Collective action is unions’ last line of defense - and Supreme Court is on verge of destroying it

A ruling in the Janus case could devastate unions. AP Photo/Jacquelyn Martin

Collective action is unions’ last line of defense - and Supreme Court is on verge of destroying it

The Supreme Court on Feb. 26 heard arguments in a case that could deliver a devastating blow to organized labor.

The case concerns whether employees can be required to pay dues to a union even if they don’t belong to it, a debate that is similar to battles over so-called right-to-work laws that have swept the country.

As I’ve learned in my research on such laws, the significance of the debate is much deeper.

This is another skirmish in the culture wars that pit individual rights against collective ones. If groups such as unions lose the ability to raise the funds necessary for collective action, I believe workers will be worse off, and inequality will rise.

A right to work

The Taft-Hartley Act, passed in 1947 over President Harry Truman’s veto, paved the way for the case currently before the court by allowing states to prohibit compulsory union dues through so-called “right-to-work” laws.

Presently a total of 28 states have done so, leading to a substantial drop in union membership in those states.

The Janus v. American Federation of State, County, and Municipal Employees case, which is backed by the National Right to Work Legal Defense Foundation, could impose these right-to-work rules on public unions throughout the nation.

Mark Janus, center, thanks supporters outside the Supreme Court. AP Photo/Jacquelyn Martin

At Janus’ core

Many labor experts believe that the court will rule in favor of plaintiff Mark Janus, an Illinois state employee who sued the union in 2015 because he had to pay a fee even though he never joined it.

He argued that such a fee violated his First Amendment rights by requiring him to subsidize political views he doesn’t support.

This is the core of Janus: the proposition that individual liberties cannot be subordinated to political coercion that conflicts with a person’s fundamental values. It follows from this line of thinking that we should be able to “opt out” of such collectivist demands as taxes and other laws, even when they support the common good.

The same principle is at stake in Masterpiece Cakeshop v. Colorado Civil Rights Commission, which also awaits a Supreme Court ruling. That case involves a Colorado baker who refused to bake a wedding cake for a gay couple, arguing it would violate his First Amendment right of religious freedom.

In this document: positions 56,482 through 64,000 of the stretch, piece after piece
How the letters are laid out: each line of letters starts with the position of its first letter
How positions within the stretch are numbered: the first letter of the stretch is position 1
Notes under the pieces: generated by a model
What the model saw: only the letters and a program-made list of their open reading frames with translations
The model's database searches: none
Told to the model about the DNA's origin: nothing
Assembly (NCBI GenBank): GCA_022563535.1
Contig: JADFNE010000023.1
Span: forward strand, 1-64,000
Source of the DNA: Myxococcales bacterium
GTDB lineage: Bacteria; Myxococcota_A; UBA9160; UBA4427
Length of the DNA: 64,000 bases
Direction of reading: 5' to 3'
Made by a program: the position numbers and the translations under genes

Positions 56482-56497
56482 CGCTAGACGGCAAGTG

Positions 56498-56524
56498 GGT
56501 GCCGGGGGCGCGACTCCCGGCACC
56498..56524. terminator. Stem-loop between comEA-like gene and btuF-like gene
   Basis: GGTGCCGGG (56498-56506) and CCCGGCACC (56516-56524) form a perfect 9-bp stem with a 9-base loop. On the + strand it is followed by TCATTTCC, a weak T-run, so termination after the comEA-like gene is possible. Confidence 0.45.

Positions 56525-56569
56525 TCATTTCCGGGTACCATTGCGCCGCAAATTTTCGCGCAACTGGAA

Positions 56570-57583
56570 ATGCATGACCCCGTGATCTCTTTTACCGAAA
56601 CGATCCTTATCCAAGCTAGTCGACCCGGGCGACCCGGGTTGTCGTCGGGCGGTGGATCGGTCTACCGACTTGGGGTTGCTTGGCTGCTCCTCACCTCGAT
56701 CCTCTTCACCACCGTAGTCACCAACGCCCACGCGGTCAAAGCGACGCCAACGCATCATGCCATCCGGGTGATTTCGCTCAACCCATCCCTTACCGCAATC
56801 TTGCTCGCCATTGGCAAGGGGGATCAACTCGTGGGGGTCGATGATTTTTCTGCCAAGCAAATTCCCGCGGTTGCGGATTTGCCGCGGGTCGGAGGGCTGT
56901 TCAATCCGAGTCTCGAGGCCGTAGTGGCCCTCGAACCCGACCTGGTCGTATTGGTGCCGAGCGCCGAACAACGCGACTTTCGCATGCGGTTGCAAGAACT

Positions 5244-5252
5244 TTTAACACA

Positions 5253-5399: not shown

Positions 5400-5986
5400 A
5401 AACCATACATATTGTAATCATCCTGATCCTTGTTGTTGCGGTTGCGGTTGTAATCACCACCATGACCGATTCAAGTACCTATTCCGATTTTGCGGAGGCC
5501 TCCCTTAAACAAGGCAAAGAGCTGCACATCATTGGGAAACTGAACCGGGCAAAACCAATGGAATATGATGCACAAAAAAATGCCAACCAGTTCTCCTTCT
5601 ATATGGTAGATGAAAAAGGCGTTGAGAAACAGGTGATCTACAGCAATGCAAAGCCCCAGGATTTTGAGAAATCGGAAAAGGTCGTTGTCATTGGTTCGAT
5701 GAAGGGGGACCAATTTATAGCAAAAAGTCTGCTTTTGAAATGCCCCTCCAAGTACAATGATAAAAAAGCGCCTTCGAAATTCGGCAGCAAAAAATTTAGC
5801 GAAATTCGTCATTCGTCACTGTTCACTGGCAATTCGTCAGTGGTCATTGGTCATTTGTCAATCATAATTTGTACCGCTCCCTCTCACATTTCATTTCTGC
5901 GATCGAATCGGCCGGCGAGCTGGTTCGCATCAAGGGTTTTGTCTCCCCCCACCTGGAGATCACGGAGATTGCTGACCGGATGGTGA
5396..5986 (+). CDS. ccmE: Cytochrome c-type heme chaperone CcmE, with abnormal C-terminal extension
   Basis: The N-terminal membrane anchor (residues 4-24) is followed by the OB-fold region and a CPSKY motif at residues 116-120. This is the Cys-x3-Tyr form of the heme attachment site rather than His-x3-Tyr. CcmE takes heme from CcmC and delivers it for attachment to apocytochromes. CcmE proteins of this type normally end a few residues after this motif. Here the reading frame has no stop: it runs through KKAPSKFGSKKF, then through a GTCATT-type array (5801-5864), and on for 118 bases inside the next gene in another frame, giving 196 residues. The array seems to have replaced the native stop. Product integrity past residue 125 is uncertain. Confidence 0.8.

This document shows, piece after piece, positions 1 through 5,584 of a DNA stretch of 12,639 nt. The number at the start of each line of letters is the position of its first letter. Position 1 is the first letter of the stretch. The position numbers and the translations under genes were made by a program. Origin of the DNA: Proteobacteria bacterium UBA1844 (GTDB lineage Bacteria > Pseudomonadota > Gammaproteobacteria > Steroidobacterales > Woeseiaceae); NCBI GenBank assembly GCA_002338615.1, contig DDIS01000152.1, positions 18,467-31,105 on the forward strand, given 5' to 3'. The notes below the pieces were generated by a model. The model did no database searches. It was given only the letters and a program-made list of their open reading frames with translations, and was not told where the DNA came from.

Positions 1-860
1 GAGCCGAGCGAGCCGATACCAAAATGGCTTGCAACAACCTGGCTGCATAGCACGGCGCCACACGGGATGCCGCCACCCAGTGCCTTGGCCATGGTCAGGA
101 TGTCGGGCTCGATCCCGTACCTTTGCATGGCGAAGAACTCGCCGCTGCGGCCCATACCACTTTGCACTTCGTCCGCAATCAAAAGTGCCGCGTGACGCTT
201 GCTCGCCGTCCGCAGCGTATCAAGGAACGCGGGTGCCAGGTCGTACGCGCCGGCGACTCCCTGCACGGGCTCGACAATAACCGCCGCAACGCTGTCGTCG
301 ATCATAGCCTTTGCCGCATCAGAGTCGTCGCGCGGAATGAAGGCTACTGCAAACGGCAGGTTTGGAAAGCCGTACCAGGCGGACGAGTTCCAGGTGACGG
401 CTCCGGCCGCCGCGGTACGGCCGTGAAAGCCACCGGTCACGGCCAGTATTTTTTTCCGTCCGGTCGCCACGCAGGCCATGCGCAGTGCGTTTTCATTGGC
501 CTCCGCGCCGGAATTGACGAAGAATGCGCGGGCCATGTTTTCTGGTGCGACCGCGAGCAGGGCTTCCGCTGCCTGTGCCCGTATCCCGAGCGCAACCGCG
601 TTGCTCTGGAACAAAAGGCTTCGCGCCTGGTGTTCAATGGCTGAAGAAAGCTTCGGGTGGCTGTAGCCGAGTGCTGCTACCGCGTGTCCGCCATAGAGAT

Together, cases like Janus and Masterpiece Cakeshop would establish a constitutional principle giving citizens the choice to “opt in” to collective action rather than being forced to “opt out.”

In both instances, the law will attempt to resolve the fundamental conflict between personal values and social demands. The court’s opinion has important consequences for workers and their ability to work collectively to negotiate for better pay or working conditions.

Assault on collective action

This assault on collective action in the U.S. isn’t new and goes back to at least the early 19th century in fights over shoemaker guilds, which obligated all tradesmen to support the organizations.

More recently, in 2012, the Supreme Court heard a case similar to Janus involving California state employees, who are required to pay a fee to the Service Employees International Union as part of its representation of them in collective bargaining negotiations. The union sought to collect a special assessment to finance a political fund, and some employees who weren’t members sued demanding a right to opt out of paying the fee. The court agreed and ruled that employees must be asked to specifically opt in instead.

The majority opinion, written by Justice Samuel Alito, ran contrary to decades of court precedent on union security, as Justices Sonia Sotomayor, Ruth Bader Ginsburg, Stephen Breyer and Elena Kagan explained in separate opinions.

Their criticisms of the opt-in idea show how disingenuous it is. That’s because it worsens the “free rider” problem, in which people can attain all the benefits of group efforts without bearing any of the costs. The kind of cooperation that is essential to a free society can’t happen without collective action, as economist Mancur Olson showed in his classic study of public goods and organizational behavior.

Unions and inequality

If the Supreme Court’s ruling on Janus adopts Alito’s view that workers must always opt in to the costs of collective bargaining agreements, it will inflict severe damage on labor organizations and, as a result, on workers and many others.

Researchers such as economist Thomas Piketty provide convincing evidence that declines in union power are correlated with increases in economic inequality.

Today in the U.S., only about 6.5 percent of private workers belong to a union, which is about the lowest in decades. That figure is higher in the public sector, at 34 percent, but if Janus topples a central pillar of union support by undercutting the vital revenue stream of dues, those organizations will begin to atrophy like private unions. And mark my words, the American working class will suffer.

Did you know that The Conversation is a nonprofit reader-supported global news organization?